Some residents in Accra, have expressed displeasure over the rent advance some landlords and ladies take. According to them, the law to enforce strict payment of only three months advance should be enforced with immediate effect.
Speaking to the Ghana News Agency (GNA) in Accra, Mr Benjamin Terkper, a resident of Akweteman, Achimota said he was charged two years advance before given a place to lay his head.
“My land lord asked me to pay two years’ advance before giving me a room. I was however, not reluctant to pay because I had saved for that. “Not all men can pay such an amount when asked to do so. As such, the rooms are mostly given to foreigners who can pay,” he said.
Nicholas Bempong, a Commissioner of Oath and a resident of Agege Shiabu explained how uneconomical the rent is. “The rent advance charged by land lords is too expensive. My land lord took three years advance from me before accommodating me in his house. He also instructed that I pay an annual advance instead of the three months specified.
“I had no option than to accept the offer. Punishments should be meted out to any land lord/ lady who would go contrary to the law. “Any land lord who charges over the stipulated number should be prosecuted without mercy because they treat foreigners badly,” he said.
Mr Godwin Gyimah, a resident of Mamprobi Agege, Accra said he had to construct his own washroom without the financial assistance of his land lord after paying two years advance for two bedroom apartment.
Mr Stephen Martey, who has spent four years in a house at La, said he was not instructed on the specific advance to pay but he decided to pay two years to his land lady.
Ms Vida Addo, a land lady from Osu Ring Road Estate said she takes rent advance based on the capabilities of the tenants and so if a tenant decides to pay one or two years advance, she welcomes it.
Mrs Catherine Arthur, also a land lady said the three tenants in her house have been instructed to pay a constant advance for a year. However, if a tenant negotiates with her she could only allow a six months advance and not three months.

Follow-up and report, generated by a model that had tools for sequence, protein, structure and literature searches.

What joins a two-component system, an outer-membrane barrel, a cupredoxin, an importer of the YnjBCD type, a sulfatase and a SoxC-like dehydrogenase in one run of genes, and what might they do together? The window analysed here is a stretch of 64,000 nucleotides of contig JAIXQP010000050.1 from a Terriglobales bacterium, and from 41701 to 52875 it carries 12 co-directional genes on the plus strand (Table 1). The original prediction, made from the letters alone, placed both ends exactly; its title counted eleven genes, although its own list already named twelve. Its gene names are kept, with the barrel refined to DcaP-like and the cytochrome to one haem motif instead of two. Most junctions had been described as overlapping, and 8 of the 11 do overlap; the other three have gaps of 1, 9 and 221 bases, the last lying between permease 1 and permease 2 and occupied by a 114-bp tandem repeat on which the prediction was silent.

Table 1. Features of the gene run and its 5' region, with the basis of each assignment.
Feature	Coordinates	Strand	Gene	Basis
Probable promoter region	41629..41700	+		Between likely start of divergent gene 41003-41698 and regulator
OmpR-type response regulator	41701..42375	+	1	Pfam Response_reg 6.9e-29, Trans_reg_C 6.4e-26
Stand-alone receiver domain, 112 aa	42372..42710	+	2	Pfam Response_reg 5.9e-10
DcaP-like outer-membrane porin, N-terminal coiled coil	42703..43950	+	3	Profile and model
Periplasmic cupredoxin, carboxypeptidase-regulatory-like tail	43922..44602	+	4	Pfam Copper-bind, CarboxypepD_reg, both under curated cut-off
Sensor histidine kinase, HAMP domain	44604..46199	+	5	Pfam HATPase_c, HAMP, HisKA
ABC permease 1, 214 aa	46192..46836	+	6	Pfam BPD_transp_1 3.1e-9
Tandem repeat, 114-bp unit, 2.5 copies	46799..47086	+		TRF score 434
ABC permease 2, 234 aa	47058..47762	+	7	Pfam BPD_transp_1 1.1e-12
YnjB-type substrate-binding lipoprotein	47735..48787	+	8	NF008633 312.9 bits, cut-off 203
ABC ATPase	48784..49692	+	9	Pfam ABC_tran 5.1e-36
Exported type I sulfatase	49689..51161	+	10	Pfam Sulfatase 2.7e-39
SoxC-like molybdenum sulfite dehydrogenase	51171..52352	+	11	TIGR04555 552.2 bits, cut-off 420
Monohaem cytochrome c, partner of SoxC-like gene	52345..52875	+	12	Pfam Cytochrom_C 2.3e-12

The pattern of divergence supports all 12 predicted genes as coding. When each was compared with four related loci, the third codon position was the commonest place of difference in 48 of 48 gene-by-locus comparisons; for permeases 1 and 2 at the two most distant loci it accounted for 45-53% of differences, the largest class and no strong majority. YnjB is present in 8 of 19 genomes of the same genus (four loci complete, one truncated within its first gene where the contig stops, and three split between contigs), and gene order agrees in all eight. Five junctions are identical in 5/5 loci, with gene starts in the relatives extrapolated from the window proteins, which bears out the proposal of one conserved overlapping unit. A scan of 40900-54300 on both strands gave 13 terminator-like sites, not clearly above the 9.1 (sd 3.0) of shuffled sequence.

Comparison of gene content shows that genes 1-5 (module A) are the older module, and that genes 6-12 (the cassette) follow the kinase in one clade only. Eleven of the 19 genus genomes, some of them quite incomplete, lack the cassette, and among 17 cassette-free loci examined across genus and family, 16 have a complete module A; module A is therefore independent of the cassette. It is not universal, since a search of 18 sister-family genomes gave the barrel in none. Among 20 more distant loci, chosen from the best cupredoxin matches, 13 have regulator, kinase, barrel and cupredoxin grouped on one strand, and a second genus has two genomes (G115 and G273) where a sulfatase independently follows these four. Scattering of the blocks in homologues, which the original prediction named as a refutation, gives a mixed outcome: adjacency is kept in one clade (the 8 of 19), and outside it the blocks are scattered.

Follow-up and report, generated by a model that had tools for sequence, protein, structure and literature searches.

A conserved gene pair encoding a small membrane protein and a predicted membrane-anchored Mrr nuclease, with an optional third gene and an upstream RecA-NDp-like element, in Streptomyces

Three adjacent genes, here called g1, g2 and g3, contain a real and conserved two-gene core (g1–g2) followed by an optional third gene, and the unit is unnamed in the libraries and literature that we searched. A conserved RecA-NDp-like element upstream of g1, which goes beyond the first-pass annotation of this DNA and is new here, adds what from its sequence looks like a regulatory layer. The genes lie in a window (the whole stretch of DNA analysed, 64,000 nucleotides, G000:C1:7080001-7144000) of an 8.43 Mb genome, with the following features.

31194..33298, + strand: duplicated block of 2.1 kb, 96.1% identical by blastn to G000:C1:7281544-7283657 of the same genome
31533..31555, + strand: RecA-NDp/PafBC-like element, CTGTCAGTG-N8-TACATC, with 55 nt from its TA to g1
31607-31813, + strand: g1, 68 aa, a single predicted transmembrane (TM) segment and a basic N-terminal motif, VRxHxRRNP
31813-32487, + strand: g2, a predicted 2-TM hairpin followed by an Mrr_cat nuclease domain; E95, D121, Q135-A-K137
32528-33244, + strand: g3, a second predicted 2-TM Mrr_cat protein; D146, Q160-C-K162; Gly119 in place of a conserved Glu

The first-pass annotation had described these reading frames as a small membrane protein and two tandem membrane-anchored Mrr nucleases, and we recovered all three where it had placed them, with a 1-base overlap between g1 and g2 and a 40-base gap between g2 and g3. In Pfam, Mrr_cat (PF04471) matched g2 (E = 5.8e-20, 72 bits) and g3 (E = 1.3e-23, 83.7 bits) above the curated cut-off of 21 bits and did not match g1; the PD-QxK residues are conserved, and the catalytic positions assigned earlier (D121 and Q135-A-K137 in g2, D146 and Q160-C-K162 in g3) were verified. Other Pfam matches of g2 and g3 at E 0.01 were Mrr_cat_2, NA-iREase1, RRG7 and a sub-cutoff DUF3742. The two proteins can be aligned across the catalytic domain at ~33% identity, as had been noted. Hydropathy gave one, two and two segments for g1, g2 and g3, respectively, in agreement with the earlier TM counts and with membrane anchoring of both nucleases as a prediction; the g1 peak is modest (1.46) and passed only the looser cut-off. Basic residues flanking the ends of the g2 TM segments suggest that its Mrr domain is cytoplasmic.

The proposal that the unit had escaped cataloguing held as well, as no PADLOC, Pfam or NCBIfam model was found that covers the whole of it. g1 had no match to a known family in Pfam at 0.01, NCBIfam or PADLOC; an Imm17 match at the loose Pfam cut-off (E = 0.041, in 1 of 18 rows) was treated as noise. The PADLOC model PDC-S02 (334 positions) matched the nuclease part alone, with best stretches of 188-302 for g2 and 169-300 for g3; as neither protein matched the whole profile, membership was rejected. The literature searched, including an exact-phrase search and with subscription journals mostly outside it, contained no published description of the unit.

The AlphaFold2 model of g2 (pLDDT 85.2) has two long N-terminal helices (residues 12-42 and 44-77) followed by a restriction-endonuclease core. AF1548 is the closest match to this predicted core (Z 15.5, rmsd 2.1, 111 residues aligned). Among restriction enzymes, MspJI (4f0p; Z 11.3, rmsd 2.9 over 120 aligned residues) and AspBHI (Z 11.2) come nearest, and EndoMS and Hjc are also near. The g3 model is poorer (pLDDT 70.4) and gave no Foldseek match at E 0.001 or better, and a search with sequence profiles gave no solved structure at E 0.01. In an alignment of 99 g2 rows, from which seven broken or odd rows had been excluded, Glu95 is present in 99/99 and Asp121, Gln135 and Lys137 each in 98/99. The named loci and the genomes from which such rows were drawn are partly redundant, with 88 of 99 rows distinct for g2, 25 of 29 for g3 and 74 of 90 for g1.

“I cannot take just three months. I take one year advance, which is used to renovate the house. I can’t go to the tenants for money after every three months, when I have to put structures in place.
“If you want the three months to be taken then the moment the rent expires, the tenant has to be sacked. “If a tenant is true to his words and asks for a negotiation in the one year advance, I allow a six months but not three months,” she said.
Mr Emmanuel Mensah Afedi, an Osu Ahusantso landlord said: “The three months law on rent must be embraced in order to ease the financial burden on the tenants.
“It is his wish to take only three months advance from the tenants he would be receiving. Meanwhile Mr Twum Ampofo, the Acting Chief Rent Officer of the Rent Control Department, says no landlord or lady has the right to take rent advance for more than three months.
“The Rent Control Act 1963, Act 220 under Section 255 states that no landlord has the right to take rent advance for more than three months and six months for residential and commercial areas,” he said in interview with the GNA in Accra.
Mr Ampofo said a review of the Act awaiting approval would make it possible for landlords/ladies to take one-year advance, and until the Bill is enacted the Department intends to enforce the current law.
“If a tenant reports such things to us, it is the duty of the authorities to ensure that landlords desist from charging above the specified number of months,” he said.
“Tenants have no right to add rent in advance at the end of the prescribed advance paid. It is unacceptable and illegal for landlords to demand for an advance if the tenancy has not expired,” he explained.
Mr Ampofo said if a tenant demands refund of an advance paid, the parties would be invited to the Department to enforce refund of the amount.
He noted that any landlord who does not adhere to the dictates of the law would be dealt, adding: “The matter would be referred to the Rent Control Magistrate Court where landlords would be sentenced to six months imprisonment or pay a penalty, which rests on the bosom of the judge or both.”
Mr Ampofo said the major challenge the Department faces with the enforcement of laws is the abuse of power because people think their positions cannot be interfered with.